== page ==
Preheat oven to 200°C, gas 6. Peel and deseed the squash and cut into chunks. Place in a bowl and add a crushed garlic clove, a glug of olive oil and some salt and pepper. Toss the squash until evenly coated then place in a tin and roast for 30-40 minutes until soft and just beginning to brown along the edges. In the meantime, peel the other vegetables and chop. Pour some more olive oil into the bottom of a large saucepan then fry the carrot, onion and potato for about 5 minutes. Add the red pepper, roasted squash, lentils, bay leaf and about 1 pint (660 ml) water. Bring to the boil then simmer for about 30 minutes, stirring and checking the water level about every 10 minutes. Note that as the lentils cook they will absorb the water and will stick and burn if you don't add more water. Don't, for example, let yourself be distracted by children coming in from the snow! After 30 minutes remove the bay leaf, add more water (cold) if necessary then allow the soup to cool enough to blend it in a blender. Return to a clean pan, check and adjust the seasoning then reheat to serve or ladle into warmed jars and seal immediately.

After lunch the girls decided they were bored with snow so whilst they settled down to watch television under blankets for a while I made some fish pie ready for dinner. I had planned to do this when I'd picked up a pack of "fish pie mix" fish in the supermarket for £2.99 the day before. This was 320g of pieces of fish - salmon, cod and smoked haddock for £2.99. With enough fish to make 4 individual pies, that works out about 75p per pie. The pies can be either eaten fresh or frozen for later and at this time of year it is a good way to preserve some potato before the potatoes start sprouting again.

Fish Pie (serves 4)
1lb 8 oz (700g) mashed potato
2 carrots1 clove garlic
2 cm root ginger (or 2 shallots instead of garlic and ginger)
1 sachet miso soup making 160ml (or fish stock)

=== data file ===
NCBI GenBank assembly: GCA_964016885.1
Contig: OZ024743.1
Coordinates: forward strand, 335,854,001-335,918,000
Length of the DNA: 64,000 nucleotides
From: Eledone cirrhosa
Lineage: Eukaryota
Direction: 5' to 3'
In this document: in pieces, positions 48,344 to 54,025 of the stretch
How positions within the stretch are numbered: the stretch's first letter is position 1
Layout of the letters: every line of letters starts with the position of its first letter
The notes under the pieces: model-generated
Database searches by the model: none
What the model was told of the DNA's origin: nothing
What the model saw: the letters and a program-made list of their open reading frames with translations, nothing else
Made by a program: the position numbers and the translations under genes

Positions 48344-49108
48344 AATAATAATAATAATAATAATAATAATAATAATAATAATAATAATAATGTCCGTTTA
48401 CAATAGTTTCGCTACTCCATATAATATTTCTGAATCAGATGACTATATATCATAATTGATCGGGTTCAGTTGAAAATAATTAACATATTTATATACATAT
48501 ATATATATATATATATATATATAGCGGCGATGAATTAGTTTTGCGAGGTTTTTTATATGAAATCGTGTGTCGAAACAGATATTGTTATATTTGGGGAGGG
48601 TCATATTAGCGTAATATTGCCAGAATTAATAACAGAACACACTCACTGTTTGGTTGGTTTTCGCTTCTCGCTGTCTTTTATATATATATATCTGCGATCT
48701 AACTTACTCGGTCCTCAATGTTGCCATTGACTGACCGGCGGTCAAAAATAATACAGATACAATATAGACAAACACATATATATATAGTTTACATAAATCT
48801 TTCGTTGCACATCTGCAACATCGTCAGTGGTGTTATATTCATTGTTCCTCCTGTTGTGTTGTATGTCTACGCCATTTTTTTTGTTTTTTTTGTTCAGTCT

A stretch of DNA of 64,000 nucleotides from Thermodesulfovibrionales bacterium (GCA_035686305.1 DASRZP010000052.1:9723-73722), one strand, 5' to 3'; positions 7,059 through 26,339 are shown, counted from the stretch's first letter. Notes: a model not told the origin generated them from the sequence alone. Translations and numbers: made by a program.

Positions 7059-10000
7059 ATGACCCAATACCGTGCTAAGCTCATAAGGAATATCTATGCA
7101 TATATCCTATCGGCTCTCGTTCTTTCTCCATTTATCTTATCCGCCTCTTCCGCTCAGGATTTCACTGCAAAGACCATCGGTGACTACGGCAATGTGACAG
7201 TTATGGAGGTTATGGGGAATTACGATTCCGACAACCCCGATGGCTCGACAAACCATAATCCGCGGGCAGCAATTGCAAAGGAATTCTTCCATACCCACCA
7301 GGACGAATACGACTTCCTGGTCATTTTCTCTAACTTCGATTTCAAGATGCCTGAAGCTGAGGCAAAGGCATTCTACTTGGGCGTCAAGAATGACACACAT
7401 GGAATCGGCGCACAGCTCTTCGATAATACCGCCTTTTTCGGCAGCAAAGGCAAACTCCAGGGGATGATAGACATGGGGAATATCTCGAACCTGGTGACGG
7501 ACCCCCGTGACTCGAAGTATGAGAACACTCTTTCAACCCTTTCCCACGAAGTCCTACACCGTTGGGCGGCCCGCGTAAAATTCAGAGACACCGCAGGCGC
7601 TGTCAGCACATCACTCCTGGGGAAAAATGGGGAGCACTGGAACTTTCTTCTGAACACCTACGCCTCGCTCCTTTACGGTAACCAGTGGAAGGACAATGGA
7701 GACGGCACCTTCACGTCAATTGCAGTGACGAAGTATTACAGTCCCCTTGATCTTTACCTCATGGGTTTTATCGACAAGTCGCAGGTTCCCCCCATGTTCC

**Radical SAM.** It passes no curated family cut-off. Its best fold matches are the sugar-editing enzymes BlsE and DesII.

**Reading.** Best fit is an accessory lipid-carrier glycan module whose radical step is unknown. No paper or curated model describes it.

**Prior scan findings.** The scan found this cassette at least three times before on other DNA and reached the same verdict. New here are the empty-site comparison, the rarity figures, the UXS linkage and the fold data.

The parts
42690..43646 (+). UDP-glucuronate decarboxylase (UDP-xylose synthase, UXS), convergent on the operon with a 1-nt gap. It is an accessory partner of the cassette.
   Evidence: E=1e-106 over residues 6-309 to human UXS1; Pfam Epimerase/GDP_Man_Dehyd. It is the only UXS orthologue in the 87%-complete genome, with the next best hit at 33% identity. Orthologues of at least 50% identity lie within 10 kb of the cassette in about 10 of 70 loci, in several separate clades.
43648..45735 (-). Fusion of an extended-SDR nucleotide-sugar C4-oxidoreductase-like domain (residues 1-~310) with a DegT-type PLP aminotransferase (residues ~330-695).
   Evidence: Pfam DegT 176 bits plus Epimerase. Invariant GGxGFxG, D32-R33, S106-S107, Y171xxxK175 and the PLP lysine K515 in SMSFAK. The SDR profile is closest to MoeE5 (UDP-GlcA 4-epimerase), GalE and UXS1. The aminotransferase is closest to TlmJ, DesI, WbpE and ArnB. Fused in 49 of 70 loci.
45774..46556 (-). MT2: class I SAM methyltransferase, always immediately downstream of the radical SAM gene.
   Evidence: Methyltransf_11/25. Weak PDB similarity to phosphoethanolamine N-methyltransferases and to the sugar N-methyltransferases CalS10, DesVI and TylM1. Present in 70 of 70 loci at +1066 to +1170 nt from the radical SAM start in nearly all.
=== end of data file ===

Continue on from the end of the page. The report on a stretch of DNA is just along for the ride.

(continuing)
4 fl oz (110 ml) white wine250ml single cream (or soya alternative)
1 oz (25 g) butter
1 oz (25 g) flour
320 g fish pie mix
Sprigs lemon thyme (or parsley)
Grated Cheddar cheese
Two slices wholemeal bread, crumbled
Black pepper

Make the mash potato in your usual way and leave to cool. Peel, finely chop and cook the carrot until tender then leave to cool. Peel and chop the garlic and ginger then fry in a little oil for 2 minutes. Pour in the wine and heat for 5 minutes until reduced by half. In the meantime, make up the miso soup then dilute with 140 ml water. Add the soup and 150 ml of cream to the wine and heat for 10 minutes until reduced by half. In the meantime, make a roux by melting the butter in another pan, stirring in the flour and gradually pouring in the remaining cream. Pour the soup mix into the roux and cook for 5 minutes until a thick, smooth sauce is made. Leave to cool completely. When everything is completely cool assemble the pies in 4 individual dishes or foil containers. First divide the fish mix evenly between the dishes then sprinkle over the lemon thyme and carrots. Pour over the sauce and stir. Layer over the mashed potato and level. Sprinkle over the cheese then the breadcrumbs and finally grind over black pepper. The pies can now be frozen. To cook, thaw completely then bake at 200°C, gas 6 for 20-25 minutes until hot through and golden. Serve with seasonal vegetables.

It had been a bit of marathon day in the kitchen and I was tired but we had 3 lovely warm meal inside us and with no sign of things thawing I figured there would be no school run to rush out of bed for in the morning.